During the wave of counter-revolutionary measures at the end of the first decade of the twentieth century, the RSDLP (Russian Social-Democratic Labour Party) was facing a crisis. Arrests, exile, repressive government measures, decline in membership, loss of organisational unity – all these led to profound threats to the viability of the party itself. Conferences were held to deal with the matter, and those in exile attempted to publish newspapers to keep a fragmented party together. In one of his sharpest early pieces, ‘The Party Crisis and Our Tasks,’ Stalin takes aim at such measures, saying they are far from adequate. Implicit here is a criticism of Lenin, especially since Stalin mentions two of the newspapers edited by Lenin, Proletary and Sotsial-Demokrat. Here is the relevant text:

And so, how can the isolated local organisations be linked up with one another, how can they be linked up in a single well-knit Party, living a common life?

One might think that the general Party conferences that are sometimes arranged would solve the problem, would unite the organisations; or that Proletary, Golos and Sotsial-Demokrat,which are published abroad, would, in the long run, rally and unite the Party. There can be no doubt that both the first and the second are of no little importance in linking up the organisations. At any rate, the conferences and the organs that are published abroad have been until now the only means of linking up the isolated organisations. But in the first place, conferences, arranged very rarely at that, can link up the organisations only for a time and, therefore, not as durably as is required in general: in the intervals between conferences the connections are broken and the old amateurish methods continue as before. Secondly, as regards the organs that are published abroad, apart from the fact that they reach Russia in extremely limited quantities, they naturally lag behind the course of Party life in Russia, are unable to note in time and comment on the questions that excite the workers and, therefore, cannot link our local organisations together by permanent ties. The facts show that since the London Congress, the Party has succeeded in organising two conferences [the third and fourth conferences of the RSDLP, held in 1907] and in printing scores of issues of the organs published abroad; and yet the work of uniting our organisations in a genuine Party, the work of overcoming the crisis, has made scarcely any headway.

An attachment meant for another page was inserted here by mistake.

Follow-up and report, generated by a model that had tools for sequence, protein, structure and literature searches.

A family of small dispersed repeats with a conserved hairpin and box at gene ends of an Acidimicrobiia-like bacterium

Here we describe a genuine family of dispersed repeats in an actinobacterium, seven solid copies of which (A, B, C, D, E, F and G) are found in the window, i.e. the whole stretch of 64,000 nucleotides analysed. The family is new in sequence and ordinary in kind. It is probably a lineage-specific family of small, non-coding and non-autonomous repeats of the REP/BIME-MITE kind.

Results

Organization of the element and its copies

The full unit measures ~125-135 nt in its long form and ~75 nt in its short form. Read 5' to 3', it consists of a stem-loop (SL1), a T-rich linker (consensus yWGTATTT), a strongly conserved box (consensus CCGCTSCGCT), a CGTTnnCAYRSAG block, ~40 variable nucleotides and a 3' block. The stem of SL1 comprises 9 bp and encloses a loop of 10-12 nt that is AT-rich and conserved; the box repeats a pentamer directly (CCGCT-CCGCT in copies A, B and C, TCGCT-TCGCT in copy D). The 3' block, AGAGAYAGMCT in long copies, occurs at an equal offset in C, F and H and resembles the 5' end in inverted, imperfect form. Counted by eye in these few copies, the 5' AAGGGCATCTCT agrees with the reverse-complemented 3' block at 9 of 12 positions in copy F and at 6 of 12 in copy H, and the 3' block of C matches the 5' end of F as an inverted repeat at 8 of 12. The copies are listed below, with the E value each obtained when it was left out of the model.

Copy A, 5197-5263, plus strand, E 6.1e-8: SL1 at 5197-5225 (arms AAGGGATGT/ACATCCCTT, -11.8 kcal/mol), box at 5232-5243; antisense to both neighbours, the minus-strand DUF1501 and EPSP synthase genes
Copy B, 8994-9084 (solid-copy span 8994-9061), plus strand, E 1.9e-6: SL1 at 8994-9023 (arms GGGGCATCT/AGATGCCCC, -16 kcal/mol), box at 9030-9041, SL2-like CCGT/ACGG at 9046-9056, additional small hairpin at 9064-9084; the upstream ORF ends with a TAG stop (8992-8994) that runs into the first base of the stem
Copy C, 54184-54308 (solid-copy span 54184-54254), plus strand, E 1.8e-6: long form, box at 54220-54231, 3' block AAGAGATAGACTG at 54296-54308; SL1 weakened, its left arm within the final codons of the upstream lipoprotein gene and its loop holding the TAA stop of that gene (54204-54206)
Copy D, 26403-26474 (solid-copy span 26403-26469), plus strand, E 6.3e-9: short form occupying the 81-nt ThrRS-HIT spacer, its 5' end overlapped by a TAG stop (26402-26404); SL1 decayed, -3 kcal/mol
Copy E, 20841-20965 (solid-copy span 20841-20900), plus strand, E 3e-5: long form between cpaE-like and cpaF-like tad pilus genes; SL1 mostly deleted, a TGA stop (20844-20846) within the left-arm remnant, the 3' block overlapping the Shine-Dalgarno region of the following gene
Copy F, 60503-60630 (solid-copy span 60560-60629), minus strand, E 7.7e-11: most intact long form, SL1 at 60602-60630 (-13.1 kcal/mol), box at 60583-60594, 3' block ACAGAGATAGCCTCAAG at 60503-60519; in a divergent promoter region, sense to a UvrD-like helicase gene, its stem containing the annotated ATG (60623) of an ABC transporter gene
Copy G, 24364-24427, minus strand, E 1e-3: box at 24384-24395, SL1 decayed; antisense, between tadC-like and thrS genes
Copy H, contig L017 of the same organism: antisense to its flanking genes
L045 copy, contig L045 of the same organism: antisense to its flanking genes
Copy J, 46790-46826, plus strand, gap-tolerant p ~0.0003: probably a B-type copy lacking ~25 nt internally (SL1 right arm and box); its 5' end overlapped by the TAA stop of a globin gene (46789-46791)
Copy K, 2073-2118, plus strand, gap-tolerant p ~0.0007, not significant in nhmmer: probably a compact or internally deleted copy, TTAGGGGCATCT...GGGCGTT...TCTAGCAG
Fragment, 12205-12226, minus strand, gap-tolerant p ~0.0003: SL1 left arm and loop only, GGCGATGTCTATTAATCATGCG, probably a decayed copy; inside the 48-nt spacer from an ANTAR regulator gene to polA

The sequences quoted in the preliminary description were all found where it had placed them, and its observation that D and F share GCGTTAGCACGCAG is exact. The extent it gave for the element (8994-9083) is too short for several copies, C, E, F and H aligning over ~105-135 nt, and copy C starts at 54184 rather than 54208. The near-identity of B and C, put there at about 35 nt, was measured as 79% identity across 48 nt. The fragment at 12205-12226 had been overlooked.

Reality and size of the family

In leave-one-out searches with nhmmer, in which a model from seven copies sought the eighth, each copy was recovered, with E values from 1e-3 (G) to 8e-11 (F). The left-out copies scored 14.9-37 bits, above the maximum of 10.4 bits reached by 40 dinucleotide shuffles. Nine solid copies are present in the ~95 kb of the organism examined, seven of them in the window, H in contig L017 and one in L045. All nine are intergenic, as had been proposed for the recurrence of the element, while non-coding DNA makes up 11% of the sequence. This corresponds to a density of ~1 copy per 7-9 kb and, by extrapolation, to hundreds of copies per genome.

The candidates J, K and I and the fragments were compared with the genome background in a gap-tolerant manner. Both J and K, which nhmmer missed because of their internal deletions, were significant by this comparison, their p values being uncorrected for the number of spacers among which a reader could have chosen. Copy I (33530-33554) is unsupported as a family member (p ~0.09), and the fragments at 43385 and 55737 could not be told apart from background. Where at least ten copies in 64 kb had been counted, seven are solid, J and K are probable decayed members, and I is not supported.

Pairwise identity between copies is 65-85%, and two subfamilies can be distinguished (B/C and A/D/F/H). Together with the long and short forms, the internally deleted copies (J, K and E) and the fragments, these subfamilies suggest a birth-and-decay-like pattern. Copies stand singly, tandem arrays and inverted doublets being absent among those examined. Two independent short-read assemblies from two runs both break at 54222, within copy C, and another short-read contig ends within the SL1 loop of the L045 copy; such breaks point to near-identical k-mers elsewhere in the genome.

Hence, conferences and organs published abroad, while extremely important for uniting the Party, are, nevertheless, inadequate for overcoming the crisis, for permanently uniting the local organisations.

Evidently, a radical measure is needed.

The only radical measure can be the publication of an all-Russian newspaper, a newspaper that will serve as the centre of Party activity and be published in Russia…

That is why we emphasise the necessity of precisely an all-Russian newspaper (and not one published abroad), and precisely a leading newspaper (and not simply a popular one).

(Collected Works, vol. 2, pp. 158-60)